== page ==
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Subject: Re: [office-formula] Style for Function Descriptions

On Sat, 2009-12-26 at 12:12 -0800, Dennis E. Hamilton wrote:

> 4. Move the summary of what the parameter values are used to represent up
> with the syntax, result type (and summary description) so that those aspects
> are presented together.

As far as I am concerned, "what the parameter values are used to
represent" is unnecessary fluff. The standard needs to describe the
output expected given a certain input. It is up to the user to verufy
whether the formula is appropriate for their use. Otherwise the standard
has to become a reference work for Mathematics, Statistics, Accounting,
Actuarial Math, Engineering, etc.   
> 5. With regard to hard constraints, indicate the kind of error a violation
> is.

This is already described elsewhere, and, imho, should not be duplicated
for every function.

> 6. Say something explicit about errors that arise, errors that are
> propagated (not always a wonderful idea), and errors that are absorbed.

This is already done elsewhere. We only need to mention it for
exceptions. Again I don't think that duplication is a good idea.

> There are probably simple cases to be identified in a general place (as is
> done somewhat already) with reference to the applicable case, with any
> qualifications, from the individual function descriptions.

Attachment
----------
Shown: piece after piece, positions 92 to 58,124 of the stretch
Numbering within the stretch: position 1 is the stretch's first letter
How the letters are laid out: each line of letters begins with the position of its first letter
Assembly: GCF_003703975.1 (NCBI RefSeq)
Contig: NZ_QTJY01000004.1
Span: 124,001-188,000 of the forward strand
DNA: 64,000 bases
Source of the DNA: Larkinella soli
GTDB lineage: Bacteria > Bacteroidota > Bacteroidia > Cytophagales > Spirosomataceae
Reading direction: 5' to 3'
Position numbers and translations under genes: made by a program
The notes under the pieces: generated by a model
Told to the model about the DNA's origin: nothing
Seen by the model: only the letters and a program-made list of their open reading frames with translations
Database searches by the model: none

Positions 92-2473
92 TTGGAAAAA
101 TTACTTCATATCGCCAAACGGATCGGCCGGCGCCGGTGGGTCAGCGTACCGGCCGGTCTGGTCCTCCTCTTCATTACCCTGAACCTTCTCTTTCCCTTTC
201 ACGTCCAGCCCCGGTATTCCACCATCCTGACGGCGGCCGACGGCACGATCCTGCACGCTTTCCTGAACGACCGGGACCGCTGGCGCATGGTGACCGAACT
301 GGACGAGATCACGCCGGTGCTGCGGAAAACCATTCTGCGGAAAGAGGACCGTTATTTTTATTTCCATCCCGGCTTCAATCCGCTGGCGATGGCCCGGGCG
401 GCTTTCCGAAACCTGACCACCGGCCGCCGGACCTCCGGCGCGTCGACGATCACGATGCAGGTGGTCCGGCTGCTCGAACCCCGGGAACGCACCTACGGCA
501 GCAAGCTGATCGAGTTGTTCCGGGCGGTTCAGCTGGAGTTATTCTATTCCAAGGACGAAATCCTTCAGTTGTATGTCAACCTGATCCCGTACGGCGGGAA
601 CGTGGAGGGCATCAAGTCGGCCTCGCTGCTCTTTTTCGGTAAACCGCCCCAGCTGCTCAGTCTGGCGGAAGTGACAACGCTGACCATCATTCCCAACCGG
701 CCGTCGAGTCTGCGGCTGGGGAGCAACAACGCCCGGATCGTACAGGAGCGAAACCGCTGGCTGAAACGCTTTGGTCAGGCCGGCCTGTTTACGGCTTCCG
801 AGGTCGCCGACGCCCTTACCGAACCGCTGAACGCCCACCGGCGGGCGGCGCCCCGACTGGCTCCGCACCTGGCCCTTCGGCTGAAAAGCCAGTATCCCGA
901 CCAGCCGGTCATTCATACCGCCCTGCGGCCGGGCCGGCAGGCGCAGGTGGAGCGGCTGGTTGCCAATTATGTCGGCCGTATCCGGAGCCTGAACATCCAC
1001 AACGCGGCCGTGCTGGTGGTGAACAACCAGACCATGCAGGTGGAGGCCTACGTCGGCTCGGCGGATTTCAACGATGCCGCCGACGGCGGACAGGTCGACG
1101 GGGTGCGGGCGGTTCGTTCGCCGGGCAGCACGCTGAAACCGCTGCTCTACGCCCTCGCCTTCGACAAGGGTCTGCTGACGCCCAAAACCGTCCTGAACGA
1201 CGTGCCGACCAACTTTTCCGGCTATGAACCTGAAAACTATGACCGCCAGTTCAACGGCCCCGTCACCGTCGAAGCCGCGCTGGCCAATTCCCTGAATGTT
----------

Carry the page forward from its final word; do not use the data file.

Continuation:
I don't know what this means.

> 10. It is peculiar to have a mathematical formula that has
> spreadsheet-function names being used as if it is a mathematical function
> and we should avoid that.  It is one thing to observe that floor(-x) = -
> ceil(x), which is always true for non-complex x, but it might not be true to
> say that FLOOR(-x) = - CEIL(x) because of Number representation edge cases
> (and I made that mistake on this list somewhere).  Similarly, while we can
> say with confidence that -1 < tanh(x) < 1, that might not apply for
> TANH(Number x) unless we are prepared to require that the computation be
> that tight, with computational rounding to 1 or -1 not permitted.  (If
> rounding to magnitude 1 is permitted for the delivered computational result,
> there are consequences for ATANH(Number x) edge cases too.  It is rather
> unexpected for ATANH(TANH(x)) to ever fail for Number x not an error
> result.)

I think there are situations where we want to have spreadsheet functions
defined in terms of other spreadsheet functions.


Andreas J. Guelzow <aguelzow@pyrshep.ca>

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